Jolie Kerr thinks dish soap is romantic. She would -- she is the author of My Boyfriend Barfed In My Handbag ... And Other Things You Can't Ask Martha and the weekly advice column, Ask a Clean Person, which appears on Deadspin. Kerr shares seven tips for cleaning kitchens.
Rebecca Sheir: Your book starts with tackling the kitchen in terms of making it clean. You give a very particular method for deep cleaning; in fact, you break it into three subsets.
Jolie Kerr: I have three subsets for deep cleaning. First is what I call the Hard Clean, which is more than your standard cleaning -- more than just wiping down a counter. The idea behind that is to take everything off of your counters, clean the counters, clean your appliances, wipe anything down that lives on your countertops and then put everything back.
Then there's what I call the Full-Monty Hard Clean, which is even deeper -- more than just surface-cleaning the appliances.
RS: Like going inside your toaster oven, for instance?
Finally, the Pantry Clean. You really have to think about what you're keeping and not keeping. You have to do a purge. The last part of the Pantry Clean is that you have to figure out where everything is going to go back, if you need new storage solutions or if a certain way of organizing things isn't working for you.
JK: I don't use that many products. When I talk to my readers, I try to encourage people to use fewer products. You don't really need all that much. It makes cleaning a lot faster if you're not switching products, reaching for a new thing or having to dive under the sink to find that bottle way, way in the back.
I use Windex. I have one of those enamel stovetops: the old, gas, not-very-nice thing. I use Windex on it. I think Windex is great.
I love sponges, those scrubby-back sponges with Windex. Love, love, love.
JK: I also love ammonia. I know that ammonia is not the most popular cleaning product for most people because it is a pretty harsh chemical. It's not environmentally safe. It's not really all that safe for humans. You have to wear gloves.
[Ed. note: Avoid contact with eyes, nose, mouth and skin. Store out of reach of young children. Don't mix with bleach. And maybe open a window. More information here.]
RS: There's the odor as well.
JK: I actually love the odor of it.
RS: You like the odor of ammonia?
JK: I also like the smell of gasoline -- I'm one of those people.
I love ammonia in the kitchen. You only have to use a really, really tiny amount, like 1/4 cup at most, obviously diluted in water.
It's great in the kitchen because it's a great degreaser. The thing is, even when you don't have a greasy spill, you know how your cabinets have that sticky film? (I hear a lot about sticky film from people.) Basically, that's a combination of grease that's just gone into the air and landed on your cabinets, and then dust sticks to it. Ammonia is awesome for getting that off really fast. It's great for vent hoods; those also get really greasy and sticky.
JK: Then also: dish soap. I love dish soap. I use dish soap for everything. I have fancy and utilitarian dish soap. My husband buys me fancy dish soap as my stocking stuffer at Christmastime.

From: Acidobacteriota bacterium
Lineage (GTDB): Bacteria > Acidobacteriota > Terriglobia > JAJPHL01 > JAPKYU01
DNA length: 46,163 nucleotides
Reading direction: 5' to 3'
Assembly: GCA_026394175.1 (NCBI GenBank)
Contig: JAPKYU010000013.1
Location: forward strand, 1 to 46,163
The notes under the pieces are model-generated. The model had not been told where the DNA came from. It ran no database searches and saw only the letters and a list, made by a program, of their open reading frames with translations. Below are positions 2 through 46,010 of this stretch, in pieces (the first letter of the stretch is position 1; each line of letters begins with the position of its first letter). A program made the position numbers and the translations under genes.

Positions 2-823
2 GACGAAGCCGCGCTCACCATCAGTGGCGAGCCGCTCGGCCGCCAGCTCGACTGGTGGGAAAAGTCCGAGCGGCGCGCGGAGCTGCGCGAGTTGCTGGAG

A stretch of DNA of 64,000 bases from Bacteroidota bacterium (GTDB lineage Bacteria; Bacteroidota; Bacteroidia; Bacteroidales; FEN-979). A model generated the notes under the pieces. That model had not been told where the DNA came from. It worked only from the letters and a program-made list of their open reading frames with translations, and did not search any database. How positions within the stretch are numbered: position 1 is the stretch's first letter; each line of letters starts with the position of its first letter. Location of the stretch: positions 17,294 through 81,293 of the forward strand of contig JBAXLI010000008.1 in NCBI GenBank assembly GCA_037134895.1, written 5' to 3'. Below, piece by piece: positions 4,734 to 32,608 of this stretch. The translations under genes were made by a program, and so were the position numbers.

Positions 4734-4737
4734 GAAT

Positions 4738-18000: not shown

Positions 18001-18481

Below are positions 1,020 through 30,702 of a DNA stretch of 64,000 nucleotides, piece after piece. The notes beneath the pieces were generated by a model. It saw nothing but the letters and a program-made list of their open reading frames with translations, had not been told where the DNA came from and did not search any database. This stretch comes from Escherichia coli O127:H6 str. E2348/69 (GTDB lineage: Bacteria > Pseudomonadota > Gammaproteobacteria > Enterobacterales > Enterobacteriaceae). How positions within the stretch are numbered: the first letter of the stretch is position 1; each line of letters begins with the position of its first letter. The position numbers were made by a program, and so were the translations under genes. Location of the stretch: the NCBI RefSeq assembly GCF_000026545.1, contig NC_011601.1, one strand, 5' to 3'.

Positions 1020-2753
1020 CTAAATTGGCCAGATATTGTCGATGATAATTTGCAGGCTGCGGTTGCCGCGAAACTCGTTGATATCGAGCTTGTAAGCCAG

RS: How romantic.
JK: It is romantic actually. For me, it really is because I get the fancy stuff; I get the Mrs. Meyers.
RS: You have this great chart in your book called "Using foodstuffs to solve your cleaning conundrums." Using sliced bread to pick up shards of glass, really?
JK: I love that one. The same thing with a sliced potato. That will also pick up the glass shards. The idea is similar in that they're kind of porous; they're like the lint rollers of the food world.
[Ed. note: Wear gloves when dealing with broken glass, and dispose of glass shard-filled bread or potatoes in a place where your pets -- or hungry roommates -- won't be tempted.]
RS: In terms of eliminating odors: vodka?
JK: I know. I think it's kind of a waste of good vodka.
People really like the one about using white wine to get out red wine stains. It works, but I feel like what a horrible waste of good white wine. I'd rather drink it than use it as a stain remover. I'd much rather save the club soda for the red wine stains.
RS: You mentioned that you're big on sponges. But don't sponges get really dirty or full of stuff? Aren't they gross?
JK: Yes, they are gross, and yes, they do get full of stuff. "Stuff" is a technical term. There are a couple ways you can deal with sponges to make them less gross.
The first is replacing them fairly frequently. I don't have a dishwasher, so I wash everything by hand, which means that they get torn up when I'm washing our knives and all that kind of stuff. You can replace them. They're not too expensive.
But of course that's a little bit wasteful, so you can sterilize sponges in a couple of different ways. The first way is to get them fairly wet -- squeeze them out so they're not dripping -- and microwave them for 2 minutes. That's going to kill 99 percent of the bacteria that's lurking in that sponge.
The other thing you can do, if you are lucky enough to have a dishwasher, is put them in the dishwasher on the top rack.
RS: Running it with the dishwashing detergent in or without?
JK: You want to run them with dishes. It's not that you necessarily need the detergent to get them clean, it's really the heat of the dishwasher, the steam, that's going to do the sterilization.
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